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Simple Steps Autism

The Online Teaching Platform for the treatment of Autism Simple but effective tools based on the proven science of ABA



Throughout its development, hundreds of parents have used earlier versions of this tool. Their feedback allowed us to develop our thinking and methods.

Find out what they have to say…

  • Lyn McKerr - Parent Story

    "Our experience of using ABA began about 15 years ago. Our youngest son Cillian - then aged 3 ½ - had been diagnosed with Asperger’s Syndrome and ADHD. These conditions were almost unheard of then, and the future seemed very bleak and frightening. Cillian slept very little, was extremely active and became very distressed at changes in routine.

    His communication skills were very poor (he had the language level of a child of 18 months when assessed for starting school, and no eye-contact) and we could not take him visiting or to shops as he was constantly trying to run away. Holidays and eating out were impossible. He did not respond to his name, sit still, play with toys appropriately, sing or even watch television except for short adverts or fragments of children’s programmes; he was by now diagnosed as also having moderate learning difficulties.

    We were offered no constructive advice by the psychiatrist, the paediatrician or the educational psychologist involved on how to deal with his very difficult behaviours. By whatever good chance, through his friendship with our GP we met Dr Mickey Keenan, and began our own education as 'autism therapists’; our initial target behaviours - Cillian’s communication, eye-contact and time on tasks - all improved quickly. ABA turned all our lives around- against the initial advice of the educational psychologist, Cillian went to the same mainstream primary school as his brother and sisters.

    He was academically very able (despite the initial assessment of learning difficulties) and became increasingly articulate. By then PEAT had formed, and staff at his school (particularly Maire, his classroom assistant) were very involved with the ABA training offered. This support from PEAT has continued through secondary level education and now to university, where ABA is helping him make the transition to independent learning and the wider social world, with assistance from the student disability service. We don’t anticipate this will be problem free, but ABA teaches you not to be afraid of challenges. I cannot imagine where Cillian would be now if we hadn’t met Mickey and with his help made those first ‘simple steps’."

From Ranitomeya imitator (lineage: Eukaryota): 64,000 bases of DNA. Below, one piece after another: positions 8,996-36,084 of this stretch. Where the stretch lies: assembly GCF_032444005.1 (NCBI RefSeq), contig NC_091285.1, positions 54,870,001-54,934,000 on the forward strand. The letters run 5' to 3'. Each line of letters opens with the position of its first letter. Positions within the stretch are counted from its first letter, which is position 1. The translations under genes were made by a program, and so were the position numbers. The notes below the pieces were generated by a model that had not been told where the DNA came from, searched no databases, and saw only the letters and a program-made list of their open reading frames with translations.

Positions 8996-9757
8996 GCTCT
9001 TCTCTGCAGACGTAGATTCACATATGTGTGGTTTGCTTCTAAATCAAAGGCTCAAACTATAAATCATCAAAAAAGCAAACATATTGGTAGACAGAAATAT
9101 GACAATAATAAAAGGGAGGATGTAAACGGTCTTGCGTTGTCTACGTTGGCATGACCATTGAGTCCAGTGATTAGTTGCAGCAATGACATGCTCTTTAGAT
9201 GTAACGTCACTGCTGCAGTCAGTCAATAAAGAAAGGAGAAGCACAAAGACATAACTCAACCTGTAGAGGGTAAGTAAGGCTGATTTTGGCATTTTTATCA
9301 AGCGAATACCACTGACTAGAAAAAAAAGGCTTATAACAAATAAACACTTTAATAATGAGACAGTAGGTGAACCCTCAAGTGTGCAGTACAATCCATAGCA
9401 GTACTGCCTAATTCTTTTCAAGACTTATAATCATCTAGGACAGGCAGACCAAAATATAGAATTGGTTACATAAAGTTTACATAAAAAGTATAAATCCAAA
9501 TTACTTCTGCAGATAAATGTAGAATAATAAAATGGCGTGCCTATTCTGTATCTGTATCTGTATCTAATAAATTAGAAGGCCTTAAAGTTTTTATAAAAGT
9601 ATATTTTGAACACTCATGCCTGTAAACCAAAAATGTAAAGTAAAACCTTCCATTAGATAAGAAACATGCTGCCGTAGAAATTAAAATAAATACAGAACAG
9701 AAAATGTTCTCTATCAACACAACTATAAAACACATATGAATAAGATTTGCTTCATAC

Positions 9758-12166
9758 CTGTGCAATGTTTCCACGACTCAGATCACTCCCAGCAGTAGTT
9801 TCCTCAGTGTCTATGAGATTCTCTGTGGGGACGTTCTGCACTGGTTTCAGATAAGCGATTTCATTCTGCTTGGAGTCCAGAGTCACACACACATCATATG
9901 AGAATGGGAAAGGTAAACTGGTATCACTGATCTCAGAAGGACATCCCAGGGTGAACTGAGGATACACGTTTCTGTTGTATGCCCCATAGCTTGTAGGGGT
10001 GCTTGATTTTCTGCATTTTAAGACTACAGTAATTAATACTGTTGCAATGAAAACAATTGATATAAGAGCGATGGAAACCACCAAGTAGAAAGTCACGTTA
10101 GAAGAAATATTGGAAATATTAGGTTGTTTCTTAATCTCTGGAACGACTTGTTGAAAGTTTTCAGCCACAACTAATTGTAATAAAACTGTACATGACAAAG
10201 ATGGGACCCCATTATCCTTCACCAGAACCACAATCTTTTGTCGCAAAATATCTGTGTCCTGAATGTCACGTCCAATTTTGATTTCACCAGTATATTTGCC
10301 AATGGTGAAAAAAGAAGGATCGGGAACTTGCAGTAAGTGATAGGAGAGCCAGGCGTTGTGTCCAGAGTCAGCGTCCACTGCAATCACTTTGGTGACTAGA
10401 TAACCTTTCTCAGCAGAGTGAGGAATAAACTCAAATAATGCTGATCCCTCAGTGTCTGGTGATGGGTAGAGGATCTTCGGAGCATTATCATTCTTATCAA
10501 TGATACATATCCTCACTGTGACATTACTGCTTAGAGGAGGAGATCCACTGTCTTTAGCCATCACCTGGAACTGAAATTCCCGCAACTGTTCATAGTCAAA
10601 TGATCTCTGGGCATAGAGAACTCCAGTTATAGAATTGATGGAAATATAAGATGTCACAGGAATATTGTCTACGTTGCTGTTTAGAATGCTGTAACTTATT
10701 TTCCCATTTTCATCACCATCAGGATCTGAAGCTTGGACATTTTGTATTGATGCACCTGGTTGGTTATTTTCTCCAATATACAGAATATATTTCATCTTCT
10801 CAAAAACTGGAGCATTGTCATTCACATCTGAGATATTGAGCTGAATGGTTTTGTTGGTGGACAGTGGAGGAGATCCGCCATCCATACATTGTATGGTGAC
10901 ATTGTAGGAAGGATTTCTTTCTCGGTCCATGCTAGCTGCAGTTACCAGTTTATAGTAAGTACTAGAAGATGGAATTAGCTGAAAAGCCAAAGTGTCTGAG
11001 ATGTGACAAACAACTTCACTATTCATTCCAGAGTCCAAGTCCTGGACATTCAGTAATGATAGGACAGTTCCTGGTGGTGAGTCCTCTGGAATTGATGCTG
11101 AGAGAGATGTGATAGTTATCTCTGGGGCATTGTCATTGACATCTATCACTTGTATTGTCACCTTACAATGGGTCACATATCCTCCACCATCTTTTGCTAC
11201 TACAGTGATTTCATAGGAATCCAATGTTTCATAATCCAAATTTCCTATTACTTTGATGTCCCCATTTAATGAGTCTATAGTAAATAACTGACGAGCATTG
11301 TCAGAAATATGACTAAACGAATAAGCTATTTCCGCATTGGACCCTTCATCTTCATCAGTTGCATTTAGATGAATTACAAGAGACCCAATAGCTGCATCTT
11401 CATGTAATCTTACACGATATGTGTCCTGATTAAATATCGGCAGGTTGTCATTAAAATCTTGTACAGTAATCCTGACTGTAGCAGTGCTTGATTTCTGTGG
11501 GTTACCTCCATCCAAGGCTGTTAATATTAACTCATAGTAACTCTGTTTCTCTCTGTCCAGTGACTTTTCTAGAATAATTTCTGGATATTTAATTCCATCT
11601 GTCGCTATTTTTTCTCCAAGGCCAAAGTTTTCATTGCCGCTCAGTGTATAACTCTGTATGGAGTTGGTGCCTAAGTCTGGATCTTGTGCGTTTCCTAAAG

• Marie McCrory - Parent Story

    Knowledge of ABA has empowered me to help my son overcome challenges and acquire new skills. Our relationship is now strong and we have a much improved quality of life since we communicate well and socialise more.

    My son is now at grammar school and has friends which is something I once never thought possible. ABA allows you to hope!

  • Karen Gallagher - Parent Story

    "It was before Patrick’s second birthday that I first suspected that there might be a problem. My little boy was clearly having difficultieswith speech and general communication. In addition, he also seemed to be reluctant to play with other children.

     When he went to mainstream nursery we realised that there were pretty big problems. Things like taking turns with the other children could lead to some pretty big tantrums. By this stage, I suspected that Patrick, the second youngest of my five children, had autism, anidea which left us devastated.  The diagnosis was finally confirmed by specialists in May 2005. To find out more about ABA, I contacted Dr Mickey Keenan from the University of Ulster, someone whom Ihad frequently seen mentioned as an expert on autism.

     He had plenty of time to speak to me, I remember. He asked me whatthe other professionals I’d spoken to had told me, which was basicallythat I’d have to accept it. However, Dr Keenan was so optimistic and positive.

     Shortly afterwards, we embarked on an intensive home-based programme, funded by ourselves, and with the help of the PEAT charity.For some 30 to 35 hours a week we worked with our son, teaching him such basics as how to put a couple of words together to make a sentence and how to recognise different colours. So quick was the progress in these fields that within three or four months Patrick had started on more academic based subjects such as arithmetic and writing. His IQ, previously assessed at 75, jumped to 99.5, an average score, within just five months.

     Patrick is now in mainstream school and continuing to make great strides in every aspect of his life.  He is doing well in his studies andmaking friends with his fellow pupils."